I write the following because we are in a time in our country that has become divisive. My hope is that while we may no longer be able to do consensus as a nation we can practice a spirituality that may one day open the door to building consensus. Consensus is an impossible thing to do with people who do not know the process. There are people who will always have a knee jerk response of no or that cannot be done. They are the nay sayers. In consensus unless you have a strong conviction that something is wrong you are to allow people to move on if everyone else pretty much is for it. But there are those people for whom everything is of utmost importance so they have to disagree and refuse to stand aside. There are also those people who say it is okay and agree to let it go forward but they are working to sabotage the effort all the while it is being implemented. Nothing for them is ever decided because they do not agree but they did not want to be the recalcitrant vote.
Consensus is a spiritual discipline. Ask a Quaker. Here are just a few of the philosophies you have to develop if you want to do consensus:
*You have to see each person’s opinion as valuable. For many this is difficult. A well-educated person often has trouble listening to someone who is not educated especially on a subject that you may be an expert. But consensus demands everyone who wishes to speak on a subject be heard.
*This leads to another discipline. You have to change your concept of time. Spending time with community is a good use of time. Nothing has to be decided tonight. People, especially people in power, insist that decisions must be made now. In actuality very few decisions of a community have to be made rashly or in a hurry.
This is not to say that consensus has to take hours, days, months to make a decision. In fact if people are abiding by the consensus decisions can be made efficiently. But these are spiritual habits that are hard to nurture.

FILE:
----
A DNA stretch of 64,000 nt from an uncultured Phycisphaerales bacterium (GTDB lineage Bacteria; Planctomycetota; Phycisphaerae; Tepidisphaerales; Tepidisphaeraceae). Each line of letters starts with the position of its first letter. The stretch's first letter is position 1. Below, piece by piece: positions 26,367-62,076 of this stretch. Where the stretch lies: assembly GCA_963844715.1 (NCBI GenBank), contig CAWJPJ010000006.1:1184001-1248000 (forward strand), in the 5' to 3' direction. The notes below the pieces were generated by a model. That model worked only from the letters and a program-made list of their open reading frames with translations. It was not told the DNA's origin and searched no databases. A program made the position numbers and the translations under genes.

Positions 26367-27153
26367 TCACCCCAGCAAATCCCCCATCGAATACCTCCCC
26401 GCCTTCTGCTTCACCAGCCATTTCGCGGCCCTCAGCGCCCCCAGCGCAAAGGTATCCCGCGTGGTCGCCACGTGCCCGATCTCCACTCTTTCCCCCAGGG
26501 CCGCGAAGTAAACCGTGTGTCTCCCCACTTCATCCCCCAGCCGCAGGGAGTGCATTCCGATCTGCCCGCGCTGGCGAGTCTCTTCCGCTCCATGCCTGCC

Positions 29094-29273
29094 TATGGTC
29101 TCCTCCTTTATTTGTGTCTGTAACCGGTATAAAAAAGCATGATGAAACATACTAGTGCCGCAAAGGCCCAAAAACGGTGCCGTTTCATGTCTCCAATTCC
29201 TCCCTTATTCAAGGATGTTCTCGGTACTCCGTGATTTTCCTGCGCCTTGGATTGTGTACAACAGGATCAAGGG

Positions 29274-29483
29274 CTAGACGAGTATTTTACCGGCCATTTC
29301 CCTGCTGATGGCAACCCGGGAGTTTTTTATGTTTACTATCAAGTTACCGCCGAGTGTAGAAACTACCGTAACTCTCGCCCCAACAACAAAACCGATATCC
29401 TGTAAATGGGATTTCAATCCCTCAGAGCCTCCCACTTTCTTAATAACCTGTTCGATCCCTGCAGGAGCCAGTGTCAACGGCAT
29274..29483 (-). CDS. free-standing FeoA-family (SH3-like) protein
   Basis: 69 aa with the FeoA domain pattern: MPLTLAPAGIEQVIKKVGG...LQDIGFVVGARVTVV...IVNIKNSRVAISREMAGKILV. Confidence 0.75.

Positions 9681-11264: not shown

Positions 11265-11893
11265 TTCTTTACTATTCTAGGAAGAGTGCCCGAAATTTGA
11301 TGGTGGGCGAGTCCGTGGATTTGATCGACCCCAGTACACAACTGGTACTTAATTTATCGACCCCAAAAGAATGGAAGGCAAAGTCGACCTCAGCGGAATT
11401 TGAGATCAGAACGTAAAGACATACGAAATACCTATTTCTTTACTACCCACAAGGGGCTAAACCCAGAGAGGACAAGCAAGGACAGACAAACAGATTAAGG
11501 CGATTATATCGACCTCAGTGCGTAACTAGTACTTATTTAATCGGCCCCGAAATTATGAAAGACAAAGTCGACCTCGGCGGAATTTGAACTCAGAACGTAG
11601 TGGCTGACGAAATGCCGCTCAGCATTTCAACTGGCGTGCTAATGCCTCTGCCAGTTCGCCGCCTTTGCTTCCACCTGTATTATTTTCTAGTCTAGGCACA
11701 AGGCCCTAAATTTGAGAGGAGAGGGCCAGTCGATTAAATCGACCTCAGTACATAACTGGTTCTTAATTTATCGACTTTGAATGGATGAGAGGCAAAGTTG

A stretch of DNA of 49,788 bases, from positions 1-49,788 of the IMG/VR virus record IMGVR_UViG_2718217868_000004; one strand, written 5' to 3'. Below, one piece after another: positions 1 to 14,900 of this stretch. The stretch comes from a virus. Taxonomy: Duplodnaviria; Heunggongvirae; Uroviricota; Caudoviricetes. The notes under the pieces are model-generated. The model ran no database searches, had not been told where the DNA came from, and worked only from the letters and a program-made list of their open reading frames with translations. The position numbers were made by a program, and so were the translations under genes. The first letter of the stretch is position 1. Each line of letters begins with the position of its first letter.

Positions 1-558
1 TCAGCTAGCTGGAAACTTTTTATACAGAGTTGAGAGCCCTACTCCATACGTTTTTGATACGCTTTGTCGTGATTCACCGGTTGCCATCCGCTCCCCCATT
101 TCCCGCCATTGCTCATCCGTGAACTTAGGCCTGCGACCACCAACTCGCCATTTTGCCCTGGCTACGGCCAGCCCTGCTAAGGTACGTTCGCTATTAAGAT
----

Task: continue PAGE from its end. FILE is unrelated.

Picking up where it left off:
Take the idea you have to see your own opinion as possibly flawed. This involves a degree of humility most have not developed. We have as far as we can tell studied all the issues and have come to a logical conclusion but even though I have spent a lot of time dealing with this issue I must be open to being wrong. Yet if you do not hold this out as a possibility how can you truly be listening to others?
This flows into another discipline: you have to view things not as an us vs. them situation or zero sum solution but all of you as one group. If you view others as part of your team then you will be willing to listen to them. You want to hear and try to understand things from those in your community with whom you disagree. This not only brings you closer to others it can also have the side effect of making your own arguments better.
In consensus you need to have discernment of what matters to you at your core. Too often our egos make us think everything should be approved by us. Not everything needs to be run by us. And we do not have to have an opinion on everything. We need to leave room for others to disagree and express their own selves.
Consensus is to a large extent about letting go. If it is not a matter of conscience you should be able to let others do what they think is necessary. You have to let go when the choice did not go as you hoped. They call this stepping aside. Churches have split over the color of carpet in the sanctuary or even less important things. This is probably not a matter of conscience but of taste. Sometimes things such as taste must be put aside for the unity of community.
Then finally there is what is called in common nomenclature the gracious loser. This is the person who does not pout when things do not go their way. This is the person who does not attempt to sabotage when things do not go their way. This is the person who says and means I will support you in the ways that I can. This is the person who can let go when necessary.
You are able to do this because you trust the people with whom you are in community. You do this because you respect the people with whom you are in community. You do this because you see worth in the people with whom you are in community. You do this because you have developed a philosophy of life that is consensual.